Chief executive at HERA Troy Coyle says that this is something that should be decided depending on the design of a building, and after looking at all of the facts.
In the last issue of NZEN, we looked at the world-first optimised engineered lumber production line that was recently opened in Gisborne by Honourable Stuart Nash, Minister for Economic and Regional Development, and Minister of Forestry.
According to Minister Nash, innovative building products made from local wood have the potential to replace products such as concrete and steel in structural engineering. He has also previously identified that forestry and wood processing will be a key part of the country’s climate change response.
But Troy Coyle, HERA CEO, says that there is a misconception around the sustainability of steel, and in particular it being less sustainable than wood.
GOING ZERO CARBON
“HERA is just about to launch a zero-carbon steel programme through offsetting, which will mean that there will no longer be any embodied carbon [the carbon footprint of a building or infrastructure project before it becomes operational] in steel products that use that calculator.
“If we are looking at reducing net carbon emissions, we have to look at the lifecycle of the materials that we are using. That does mean looking at embodied carbon at the time the building is constructed, but it also looks at what happens with the carbon in the operation of that building, and then at the end of life of that building,” says Coyle.
She says that “there is no doubt that steel does have a high embodied carbon because of the carbon in the chemical process used to make steel”, but that if embodied carbon is the only aspect focussed on, “we’re not going to deliver the outcomes that we need to in terms of net carbon emissions”.
RECYCLABILITY OF STEEL
The company also recently commissioned thinkstep-anz to quantify and articulate the benefits of recycling steel that is made and used in New Zealand.
“From a circular economy perspective, steel is infinitely recyclable, and can be repurposed and reused,” says Coyle.
The Steel Recyclability Report shows that 72% of all steel in New Zealand is recycled.
Coyle says that when looking at a lifecycle analysis of steel, taking into consideration the offsetting of embodied carbon, steel has “excellent credentials”.
On the other hand, timber releases carbon back into the atmosphere at a building’s end-of-life, says Coyle.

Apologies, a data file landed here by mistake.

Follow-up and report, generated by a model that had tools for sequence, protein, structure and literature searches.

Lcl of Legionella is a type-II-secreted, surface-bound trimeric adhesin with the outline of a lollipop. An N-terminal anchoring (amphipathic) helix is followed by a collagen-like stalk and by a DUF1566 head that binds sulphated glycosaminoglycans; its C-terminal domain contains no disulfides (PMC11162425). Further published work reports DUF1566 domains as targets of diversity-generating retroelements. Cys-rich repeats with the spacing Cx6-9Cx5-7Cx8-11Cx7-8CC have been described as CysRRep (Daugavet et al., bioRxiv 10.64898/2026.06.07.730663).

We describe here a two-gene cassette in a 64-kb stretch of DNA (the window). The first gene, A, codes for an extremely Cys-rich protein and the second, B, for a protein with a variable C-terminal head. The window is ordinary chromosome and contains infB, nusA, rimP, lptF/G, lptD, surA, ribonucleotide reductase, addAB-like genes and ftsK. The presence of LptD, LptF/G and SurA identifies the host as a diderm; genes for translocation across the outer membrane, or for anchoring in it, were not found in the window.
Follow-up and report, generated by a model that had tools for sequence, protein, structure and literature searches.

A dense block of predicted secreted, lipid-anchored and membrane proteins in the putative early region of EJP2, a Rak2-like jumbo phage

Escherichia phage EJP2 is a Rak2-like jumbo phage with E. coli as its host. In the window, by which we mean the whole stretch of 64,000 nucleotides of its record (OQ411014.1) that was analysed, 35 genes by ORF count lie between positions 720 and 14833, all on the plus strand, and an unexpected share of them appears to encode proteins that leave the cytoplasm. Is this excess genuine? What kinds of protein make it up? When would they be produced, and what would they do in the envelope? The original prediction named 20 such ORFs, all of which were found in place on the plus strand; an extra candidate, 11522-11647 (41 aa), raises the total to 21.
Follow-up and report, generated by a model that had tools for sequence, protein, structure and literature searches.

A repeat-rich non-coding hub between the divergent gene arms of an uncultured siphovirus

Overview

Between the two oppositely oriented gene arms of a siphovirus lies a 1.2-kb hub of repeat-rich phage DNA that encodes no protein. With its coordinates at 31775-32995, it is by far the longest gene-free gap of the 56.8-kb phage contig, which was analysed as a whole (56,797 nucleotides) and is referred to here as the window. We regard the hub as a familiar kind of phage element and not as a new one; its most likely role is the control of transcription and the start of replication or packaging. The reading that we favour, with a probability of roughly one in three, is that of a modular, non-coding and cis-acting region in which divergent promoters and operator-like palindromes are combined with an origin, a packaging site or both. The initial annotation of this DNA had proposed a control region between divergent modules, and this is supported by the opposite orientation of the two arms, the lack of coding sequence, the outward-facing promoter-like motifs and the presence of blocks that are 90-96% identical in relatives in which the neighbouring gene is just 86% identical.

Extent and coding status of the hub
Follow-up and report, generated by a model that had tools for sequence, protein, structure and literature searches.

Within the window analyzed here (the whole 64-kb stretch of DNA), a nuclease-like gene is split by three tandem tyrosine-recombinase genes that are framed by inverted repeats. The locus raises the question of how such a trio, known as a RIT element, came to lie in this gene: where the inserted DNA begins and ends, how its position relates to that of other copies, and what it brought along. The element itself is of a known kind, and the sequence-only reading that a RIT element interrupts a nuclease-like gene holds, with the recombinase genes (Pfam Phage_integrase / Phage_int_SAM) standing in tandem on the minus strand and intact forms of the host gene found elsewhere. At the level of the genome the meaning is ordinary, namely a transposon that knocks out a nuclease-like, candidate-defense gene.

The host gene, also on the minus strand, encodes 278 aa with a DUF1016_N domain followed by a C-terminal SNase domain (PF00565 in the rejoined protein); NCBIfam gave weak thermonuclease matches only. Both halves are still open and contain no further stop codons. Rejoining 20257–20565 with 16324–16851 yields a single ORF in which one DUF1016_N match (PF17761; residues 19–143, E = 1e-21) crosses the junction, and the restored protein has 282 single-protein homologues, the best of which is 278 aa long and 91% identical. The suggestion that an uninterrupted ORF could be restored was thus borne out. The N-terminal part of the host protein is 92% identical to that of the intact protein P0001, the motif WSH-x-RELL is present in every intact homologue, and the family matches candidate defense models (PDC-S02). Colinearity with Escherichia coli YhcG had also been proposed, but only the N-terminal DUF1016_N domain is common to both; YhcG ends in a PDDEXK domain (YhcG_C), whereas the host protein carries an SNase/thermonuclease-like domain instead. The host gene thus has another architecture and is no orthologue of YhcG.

“Whereas steel is being reused, repurposed, recycled at its end-of-life.”
LOOKING AT THE FACTS
Coyle says it is worrying to see some of the claims made around the performance of timber.
“There have been studies released, one recently from John Hopkins University that challenges a lot of the claims and raises significant concern about the fire performance of timber.”
One of the conclusions formed by the study, which was finalised in September 2020, was that “the worst-case fire scenario will be worst for a high-rise building made of timber, compared to non-combustible material”.
“It’s very concerning for us that statements are made in, for example, procurement documents, social media, or any kind of commentary, when actually the facts haven’t been established to support the fire performance of timber, and many reports and studies done by reputable research organisations show significant concern,” says Coyle.
There are also concerns surrounding processed timber going to landfill, and the toxicity of the treatments used for structural timber.
While the Ministry for Primary Industries describes wood as being “disposable and easy to dispose of”, other statistics suggest otherwise.
According to the Ministry for the Environment, some 400,000 tonnes of noxious waste is being dumped into New Zealand’s landfills annually due to the reliance on toxic agents to treat residential and horticultural timber supplies and the inability for the material to be recycled. This number equates to approximately 175,000 10-metre-high pine trees going to waste each year.
Due to the use of Chromated Copper Arsenate (CCA) to treat timber, WorkSafe NZ recommends that those who work with or come into contact with treated timber should wear gloves when handling the wood, wash their hands, face and other areas of skin before eating, drinking, rubbing their eyes, smoking or going to the toilet. It also suggests that exposed clothing be washed separately from other household clothing, bedding, and towels before wearing again.
This toxicity means that there is no sustainable end of life option for treated timber.
THE TIMBER VS STEEL DEBATE
“Each material has its pros and cons, and you need to be able to choose those materials based on those pros and cons as they apply to a particular building design,” says Coyle.
With government agencies, according to Minister Nash, now required to “clearly record decisions about the way they choose design options”, with reasons to be supplied if “they choose a design that is not the lowest possible carbon option to meet their project brief”, it will be interesting to see which material most will choose – will it be timber, or steel?